The Baffled Parent’s Guide to Softball

The Baffled Parent’s Guide to Softball
“The Baffled Parent’s Guide to Coaching Youth Softball” is written with the coach stepping on the field for the first time in mind. It covers such topics as establishing one’s identity as coach, an overview of Softball’s basics, planning the season, how to teach Softball’s essential skills, how to conduct a practice, and dealing with parents and gender issues. It also includes a Drill Section that offers various drills for warm-ups, defensive fundamentals, and batting stations.

As much as I like Jacquie Joseph as an author, I was disappointed in this book overall. There is little here that is not covered by other books, and in fact most of the topics discussed are covered better in various other books. For example, there are only three paragraphs dedicated to the difference between coaching boys and girls and they only include generalities. Also, the chapter on dealing with parents is only two written pages long!

The final three chapters of the book are dedicated to basic warm up, defensive, and batting drills. Though the book is written with the beginner coach teaching beginning players as its audience, there are a sprinkling of intermediate and advanced drills that seem out of place in this book. Also, there is no Drill Finder Matrix to help a coach quickly find an appropriate drill, which is surprising to me because Jacquie Joseph has written a very good drill book that includes one of the best Drill Finders I have seen. Perhaps she did not include a Drill Finder because there are only a total of 28 warm up, 12 defensive, and 10 batting drills listed.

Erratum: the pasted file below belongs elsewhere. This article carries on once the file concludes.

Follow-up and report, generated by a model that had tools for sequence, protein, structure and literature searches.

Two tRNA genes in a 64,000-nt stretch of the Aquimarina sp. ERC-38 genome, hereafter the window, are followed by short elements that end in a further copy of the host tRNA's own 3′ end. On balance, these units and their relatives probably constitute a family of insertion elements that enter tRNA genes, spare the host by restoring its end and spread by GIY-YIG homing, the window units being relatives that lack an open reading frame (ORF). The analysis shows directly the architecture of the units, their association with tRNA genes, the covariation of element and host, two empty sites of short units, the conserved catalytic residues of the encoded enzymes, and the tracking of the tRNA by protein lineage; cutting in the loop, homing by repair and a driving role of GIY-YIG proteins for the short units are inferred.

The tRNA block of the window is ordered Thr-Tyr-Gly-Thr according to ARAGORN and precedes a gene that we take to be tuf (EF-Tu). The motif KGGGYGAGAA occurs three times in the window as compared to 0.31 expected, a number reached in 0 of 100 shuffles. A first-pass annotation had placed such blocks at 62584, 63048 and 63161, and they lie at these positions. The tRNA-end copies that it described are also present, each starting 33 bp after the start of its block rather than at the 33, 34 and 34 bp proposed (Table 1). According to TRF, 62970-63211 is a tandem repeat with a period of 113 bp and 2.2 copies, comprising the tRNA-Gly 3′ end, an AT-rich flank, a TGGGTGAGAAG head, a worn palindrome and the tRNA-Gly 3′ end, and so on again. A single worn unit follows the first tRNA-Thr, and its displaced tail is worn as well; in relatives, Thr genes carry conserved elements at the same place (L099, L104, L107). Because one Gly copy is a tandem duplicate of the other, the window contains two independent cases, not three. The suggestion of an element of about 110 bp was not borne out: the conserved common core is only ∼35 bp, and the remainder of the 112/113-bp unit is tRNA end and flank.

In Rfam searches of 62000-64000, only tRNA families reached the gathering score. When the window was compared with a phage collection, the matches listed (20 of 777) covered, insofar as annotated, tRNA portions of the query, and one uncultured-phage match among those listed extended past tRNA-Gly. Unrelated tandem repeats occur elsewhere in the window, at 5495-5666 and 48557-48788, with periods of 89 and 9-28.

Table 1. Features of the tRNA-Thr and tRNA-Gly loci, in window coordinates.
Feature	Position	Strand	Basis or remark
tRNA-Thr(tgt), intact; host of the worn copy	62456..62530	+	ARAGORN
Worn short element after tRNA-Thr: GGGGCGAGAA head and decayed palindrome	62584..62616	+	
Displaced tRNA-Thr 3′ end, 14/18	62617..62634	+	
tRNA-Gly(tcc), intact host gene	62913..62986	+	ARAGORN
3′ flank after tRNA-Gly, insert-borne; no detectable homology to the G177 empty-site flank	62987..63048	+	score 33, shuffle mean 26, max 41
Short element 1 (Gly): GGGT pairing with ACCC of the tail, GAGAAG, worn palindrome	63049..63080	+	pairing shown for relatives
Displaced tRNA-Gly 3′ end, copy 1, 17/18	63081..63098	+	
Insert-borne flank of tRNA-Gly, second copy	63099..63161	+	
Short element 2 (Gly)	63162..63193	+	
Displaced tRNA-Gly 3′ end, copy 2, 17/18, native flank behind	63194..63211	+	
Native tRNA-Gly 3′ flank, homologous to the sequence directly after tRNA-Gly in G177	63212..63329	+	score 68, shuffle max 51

There are some positives to draw from “The Baffled Parent’s Guide to Coaching Youth Softball”. The “Softball in a Nutshell” chapter is a very good primer for the coach or parent who is completely unfamiliar with the sport. Also, each chapter has a Question and Answer section that includes some good information. It has a call-out box that ranks positions in the order of the skill required to play it, something I have not seen presented elsewhere.
Unfortunately, though, the information presented here is so basic and/or general overall that any coach will quickly outgrow the guidance after a couple of practices under his belt. I therefore would not recommend this book, even for a coach completely new to the game. There are better references out there for your library.

Instead, I recommend these books for the beginning coach:

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You Should Also Read:
Defensive Softball Skills by Jacquie Joseph
Coaching Fastpitch Softball Successfully by Veroni & Brazier
The Softball Pitching Edge by Cheri Kempf

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